OAR forwards all admissible applications to the Interministerial Commission for Asylum and Refugee Status (CIAR), which includes representatives from the ministries of foreign affairs, interior, labor and social affairs, and justice. Once Spain admits an asylum application to the regular determination process, UNHCR attends meetings of CIAR in an advisory capacity.
CIAR issues a decision, usually within four months, based on the information provided in the OAR file and the opinions provided by UNHCR and various nongovernmental organizations (NGOs). While awaiting a decision, the asylum seeker receives accommodation and meals and may apply for a work permit.
After evaluation, CIAR issues its proposed decision to the Ministry of Interior. If the ministry concurs with the CIAR decision, it becomes final. OAR issues an identity document to accepted applicants, making them eligible for residency, work, and social benefits.
In addition to Convention refugee status, Spain may extend temporary protected status to displaced persons who have fled their country of origin as a result of political, religious, or ethnic conflict. Recipients of temporary protected status receive yearly residence permits for the duration of the conflict in the country of origin. They are entitled to the same social benefits as recognized refugees.
Denied asylum seekers can appeal negative decisions to the National Audience, a national court, within two months of notification. Appeals do not immediately suspend expulsion orders although asylum seekers can request a suspension, which is usually granted.
Spain lacked funds to provide interpreters for asylum seekers in late 1999. A backlog of more than 1,000 cases forced asylum seekers to translate documents on their own, with limited assistance from NGOs.
On December 22, 1999, the Spanish lower chamber, the Congreso, approved the new aliens bill to become effective on February 1, 2000. The new law will allow immigrants to move freely within Spain. It improves access to health care, social services, education, and legal aid. It also includes public subsidies for housing and grants immigrants voting rights in municipal elections.
The new law allows undocumented immigrants to apply for a residence permit. To do so, they must establish proof of two years of uninterrupted stay by registering in the municipality where they live, after which they receive a five-year temporary residence permit. After five years, they may apply for a permanent residence permit.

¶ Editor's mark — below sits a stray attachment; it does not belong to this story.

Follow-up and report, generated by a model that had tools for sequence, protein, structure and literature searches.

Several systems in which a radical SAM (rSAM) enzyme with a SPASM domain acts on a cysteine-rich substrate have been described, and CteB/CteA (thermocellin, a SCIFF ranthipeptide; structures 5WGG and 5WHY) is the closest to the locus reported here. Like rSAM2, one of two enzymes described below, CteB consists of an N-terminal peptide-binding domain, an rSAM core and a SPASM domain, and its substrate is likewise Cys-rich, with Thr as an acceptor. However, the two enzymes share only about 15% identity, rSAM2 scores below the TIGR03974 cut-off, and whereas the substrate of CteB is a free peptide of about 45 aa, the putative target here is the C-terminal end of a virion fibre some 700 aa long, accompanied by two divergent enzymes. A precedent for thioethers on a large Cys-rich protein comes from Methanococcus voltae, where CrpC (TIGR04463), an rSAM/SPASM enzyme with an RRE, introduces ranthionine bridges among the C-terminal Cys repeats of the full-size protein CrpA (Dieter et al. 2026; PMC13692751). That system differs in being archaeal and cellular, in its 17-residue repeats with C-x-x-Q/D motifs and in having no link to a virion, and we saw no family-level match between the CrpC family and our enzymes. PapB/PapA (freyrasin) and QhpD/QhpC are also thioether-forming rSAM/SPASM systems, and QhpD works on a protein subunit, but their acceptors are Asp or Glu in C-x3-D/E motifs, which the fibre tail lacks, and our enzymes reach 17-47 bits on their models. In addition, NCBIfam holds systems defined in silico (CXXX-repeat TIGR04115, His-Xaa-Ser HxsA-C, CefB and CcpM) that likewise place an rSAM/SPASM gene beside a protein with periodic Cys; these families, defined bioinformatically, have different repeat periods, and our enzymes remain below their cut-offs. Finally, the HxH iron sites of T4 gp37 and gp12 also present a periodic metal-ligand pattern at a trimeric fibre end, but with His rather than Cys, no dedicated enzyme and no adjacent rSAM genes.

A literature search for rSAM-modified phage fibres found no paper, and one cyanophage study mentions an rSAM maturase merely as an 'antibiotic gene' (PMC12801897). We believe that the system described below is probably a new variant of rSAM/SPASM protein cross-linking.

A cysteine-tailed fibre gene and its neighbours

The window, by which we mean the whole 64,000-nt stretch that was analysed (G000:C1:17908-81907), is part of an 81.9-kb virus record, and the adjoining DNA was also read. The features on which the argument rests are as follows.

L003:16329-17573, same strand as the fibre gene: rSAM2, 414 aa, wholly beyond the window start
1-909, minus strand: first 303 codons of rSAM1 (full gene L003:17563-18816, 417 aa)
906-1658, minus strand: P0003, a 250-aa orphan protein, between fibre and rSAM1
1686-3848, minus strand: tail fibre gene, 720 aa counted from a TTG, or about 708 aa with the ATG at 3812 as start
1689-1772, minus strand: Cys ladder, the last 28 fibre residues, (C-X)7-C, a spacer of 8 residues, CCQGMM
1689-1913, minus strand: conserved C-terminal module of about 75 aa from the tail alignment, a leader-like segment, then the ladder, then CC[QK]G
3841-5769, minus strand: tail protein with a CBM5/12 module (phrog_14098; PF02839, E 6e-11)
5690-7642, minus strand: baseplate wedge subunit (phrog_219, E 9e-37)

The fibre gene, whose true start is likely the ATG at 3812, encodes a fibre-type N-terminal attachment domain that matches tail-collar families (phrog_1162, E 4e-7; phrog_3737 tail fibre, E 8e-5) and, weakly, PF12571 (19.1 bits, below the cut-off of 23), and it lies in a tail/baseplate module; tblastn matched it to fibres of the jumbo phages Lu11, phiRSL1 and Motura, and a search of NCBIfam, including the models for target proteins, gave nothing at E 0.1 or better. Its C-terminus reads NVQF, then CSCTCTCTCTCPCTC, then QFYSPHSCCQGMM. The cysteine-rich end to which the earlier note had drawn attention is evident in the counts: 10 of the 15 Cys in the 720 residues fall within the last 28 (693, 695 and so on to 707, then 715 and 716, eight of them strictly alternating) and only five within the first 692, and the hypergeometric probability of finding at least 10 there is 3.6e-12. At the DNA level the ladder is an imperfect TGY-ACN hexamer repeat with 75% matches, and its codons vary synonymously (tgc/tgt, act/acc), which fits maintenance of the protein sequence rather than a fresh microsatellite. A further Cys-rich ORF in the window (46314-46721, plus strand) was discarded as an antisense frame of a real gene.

A provision of the law requires the Spanish government to issue a decree to allow certain undocumented foreigners to legalize their status. This provision will apply to foreigners, including asylum seekers, present in Spain since June 1, 1999, who hold or applied for a residence permit or work permit during the past three years.
North African Spanish Enclaves
During 1999, Ceuta and Melilla, two Spanish enclaves in Morocco, received 391 and 1,168 asylum seekers, respectively. Spain continued to implement strong measures to prevent undocumented immigrants and asylum seekers from entering Ceuta and Melilla, including double fences with barbed wire, spotlights, sensors, and video cameras. On December 27, state police used rubber bullets, tear gas, and water canons, to prevent undocumented immigrants from crossing the border. Some 7,000 undocumented foreigners entered Ceuta in 1999, up from 1,000 in 1998, and 700 in 1997.
Border posts at neither enclave allow asylum seekers to file claims in accordance with the 1994 asylum law. Asylum seekers generally cross the border illegally and, once there, are permitted to file their asylum application according to the in-land procedure.
The government of Ceuta said it would not apply the new aliens law authorizing the registration of undocumented immigrants because the law "seriously endangers Spanish sovereignty over the city." Government representatives of Spain's other enclave city, Melilla, said they welcomed the new law.